What 'elite' firms care about on your resume

If you want to get hired by an "elite" firm in investment banking, law, or management consulting, what you think matters on your resume probably doesn't.

Research by Lauren Rivera, the result of working for nine months inside the process, shows that most applications go almost straight to the round file. Elite schools matter, because evaluators believe that getting into the top schools means the applicant is smarter and finds a way to reach their goals. Graduates from the top schools favored applicants from those schools, and since individual evaluators have enormous leeway, those biases matter, even though many surveyed felt courses were "too abstract," and even "useless" compared to more "practical" and "relevant" training offered at "lesser" institutions (from Rivera's "Ivies, Extracurriculars, and Exclusion" paper).

Non-academic activities matter, because those not involved outside the classroom were considered boring nerds who would turn into corporate drones if hired. Activities in the applicant's major, like investing clubs for finance students, are considered resume filler. Personal pursuits like sports mattered more, but only if the applicant reached a high level. Intramural sports, blah, varsity college athlete, let's talk more.

I knew it

What school you came from is everything. If you're not from Harvard, Stanford, Princeton, Penn, Yale or Columbia, good luck. Even within school your major or subdivision can make a huge difference.

Doug on econlib.org

None of this surprises me. I've known a few alumni from Goldman Sachs, Lehman, WSJ, The Economist, and similar high-profile employers. The career trajectory is the same: Ivy League or Oxbridge to cushy job, usually through job fairs or old boy networks.

Nothing2SeeMoveAlong on reddit.com

Elite? These sectors are all heavily regulated or created by government. Try looking at top engineering teams managing offshore rigs, or research groups, or high end tech/software groups... You know, people who actually do "work" on "stuff".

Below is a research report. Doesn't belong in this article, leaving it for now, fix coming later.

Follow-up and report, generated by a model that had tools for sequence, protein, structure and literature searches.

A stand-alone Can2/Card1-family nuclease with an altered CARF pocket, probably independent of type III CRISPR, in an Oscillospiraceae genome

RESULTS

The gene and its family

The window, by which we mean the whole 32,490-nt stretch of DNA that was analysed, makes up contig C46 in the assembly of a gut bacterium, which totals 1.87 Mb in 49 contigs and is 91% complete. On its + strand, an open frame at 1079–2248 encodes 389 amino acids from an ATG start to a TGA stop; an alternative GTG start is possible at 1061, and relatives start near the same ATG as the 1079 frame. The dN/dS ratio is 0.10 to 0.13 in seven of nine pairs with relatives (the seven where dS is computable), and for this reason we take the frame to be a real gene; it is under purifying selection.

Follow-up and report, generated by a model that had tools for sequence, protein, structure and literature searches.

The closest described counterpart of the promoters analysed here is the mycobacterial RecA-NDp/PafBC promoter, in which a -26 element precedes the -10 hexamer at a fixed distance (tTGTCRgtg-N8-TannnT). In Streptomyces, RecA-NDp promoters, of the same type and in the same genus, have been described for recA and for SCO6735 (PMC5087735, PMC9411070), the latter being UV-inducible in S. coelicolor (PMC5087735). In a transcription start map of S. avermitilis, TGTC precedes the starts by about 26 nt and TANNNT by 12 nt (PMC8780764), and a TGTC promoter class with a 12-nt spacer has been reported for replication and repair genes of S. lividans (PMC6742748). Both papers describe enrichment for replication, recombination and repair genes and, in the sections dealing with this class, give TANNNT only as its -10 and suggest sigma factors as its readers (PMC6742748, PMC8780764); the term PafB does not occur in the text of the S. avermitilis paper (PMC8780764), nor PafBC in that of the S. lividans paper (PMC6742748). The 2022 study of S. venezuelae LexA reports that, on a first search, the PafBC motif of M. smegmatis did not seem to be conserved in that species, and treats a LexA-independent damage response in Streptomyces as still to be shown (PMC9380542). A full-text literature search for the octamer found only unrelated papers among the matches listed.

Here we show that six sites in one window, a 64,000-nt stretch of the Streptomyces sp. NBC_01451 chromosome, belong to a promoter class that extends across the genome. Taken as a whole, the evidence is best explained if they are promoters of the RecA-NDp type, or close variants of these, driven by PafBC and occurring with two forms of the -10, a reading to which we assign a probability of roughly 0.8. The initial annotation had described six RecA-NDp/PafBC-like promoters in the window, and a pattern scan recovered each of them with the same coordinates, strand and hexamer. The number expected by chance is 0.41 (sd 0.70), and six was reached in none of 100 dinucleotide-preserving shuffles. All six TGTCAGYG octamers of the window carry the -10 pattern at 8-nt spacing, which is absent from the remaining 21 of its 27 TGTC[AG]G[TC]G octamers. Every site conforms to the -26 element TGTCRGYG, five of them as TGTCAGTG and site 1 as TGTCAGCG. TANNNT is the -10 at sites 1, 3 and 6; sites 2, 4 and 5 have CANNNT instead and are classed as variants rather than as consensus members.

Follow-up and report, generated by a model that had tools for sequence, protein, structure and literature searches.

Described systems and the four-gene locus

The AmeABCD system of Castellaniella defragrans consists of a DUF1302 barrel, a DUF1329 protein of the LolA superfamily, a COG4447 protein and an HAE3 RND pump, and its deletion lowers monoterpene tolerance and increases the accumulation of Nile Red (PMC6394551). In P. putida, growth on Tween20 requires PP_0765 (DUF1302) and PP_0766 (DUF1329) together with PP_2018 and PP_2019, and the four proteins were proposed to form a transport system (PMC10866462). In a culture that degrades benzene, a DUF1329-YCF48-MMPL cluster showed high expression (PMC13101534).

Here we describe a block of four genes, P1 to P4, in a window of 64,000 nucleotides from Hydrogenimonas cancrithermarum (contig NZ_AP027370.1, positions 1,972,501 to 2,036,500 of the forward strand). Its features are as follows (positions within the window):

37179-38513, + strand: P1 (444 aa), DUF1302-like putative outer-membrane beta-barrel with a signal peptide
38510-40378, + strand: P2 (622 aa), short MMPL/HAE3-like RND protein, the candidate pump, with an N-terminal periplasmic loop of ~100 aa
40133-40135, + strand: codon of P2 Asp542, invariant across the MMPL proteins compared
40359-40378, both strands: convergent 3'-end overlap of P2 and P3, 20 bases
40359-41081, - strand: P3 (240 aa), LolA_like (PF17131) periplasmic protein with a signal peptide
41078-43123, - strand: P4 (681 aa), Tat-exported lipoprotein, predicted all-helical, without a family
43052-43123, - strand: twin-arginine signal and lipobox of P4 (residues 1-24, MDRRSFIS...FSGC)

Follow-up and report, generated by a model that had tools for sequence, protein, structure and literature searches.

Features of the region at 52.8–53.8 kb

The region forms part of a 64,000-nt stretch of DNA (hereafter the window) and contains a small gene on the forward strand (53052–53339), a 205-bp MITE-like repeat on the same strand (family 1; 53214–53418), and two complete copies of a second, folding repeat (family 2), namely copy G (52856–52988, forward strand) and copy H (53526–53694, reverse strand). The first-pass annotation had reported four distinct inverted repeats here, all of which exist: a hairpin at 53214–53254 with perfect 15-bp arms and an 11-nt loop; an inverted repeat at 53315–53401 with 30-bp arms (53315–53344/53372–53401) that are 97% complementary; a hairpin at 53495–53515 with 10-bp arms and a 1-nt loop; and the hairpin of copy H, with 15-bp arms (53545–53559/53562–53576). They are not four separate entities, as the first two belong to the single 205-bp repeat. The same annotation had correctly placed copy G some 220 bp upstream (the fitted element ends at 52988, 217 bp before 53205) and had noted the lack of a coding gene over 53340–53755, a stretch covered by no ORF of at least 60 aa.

joeftansey on econlib.org

It also sounds like the filter is more about money. If you have expensive hobbies, you probably can relate to other wealthy people. Consulting firms in particular are looking for people that can "build relationships" with clients.

msellout on news.ycombinator.com

Elite firms have elite clients and the elite clientele insists on folks with degrees from elite schools. Exceptions are made for hot chicks.

pstroll on reddit.com

Worth noting is that these firms go after mediocre Ivy graduates. The 3.8 CS majors are overqualified (except for quant positions). It's not about intelligence. It's only somewhat about social status.

michaelochurch on news.ycombinator.com

Not accurate

I work for an actuarial consulting firm and our hiring processes are in fact opposite of those mentioned above. our hiring process is a highly structured and monitored affair that places an emphasis on job experience and "non ivy league" elite schools such as Umichigan.

honeyoak on econlib.org

If it isn't necessary to go to an Ivy to end up among the most successful entrepreneurs, it's probably also not necessary to become a moderately successful entrepreneur.

crackalack on reddit.com

How I evaluate

I got them all to provide a writing sample. Since we do a lot of writing, I ended up putting a massive amount of weight in my final decision on that.

John Hall on econlib.org

It is true that evaluators have a huge latitude. When I was interviewing and eliminating applicants to my department, my word was basically law on who was hired. However, I gave detailed reasons why I chose the people we hired.

sangjmoon on reddit.com

This leaves out the many comments about investment banking no longer being an "elite" job. Recent events seem to point out that investment bankers have no real clue about the economy.

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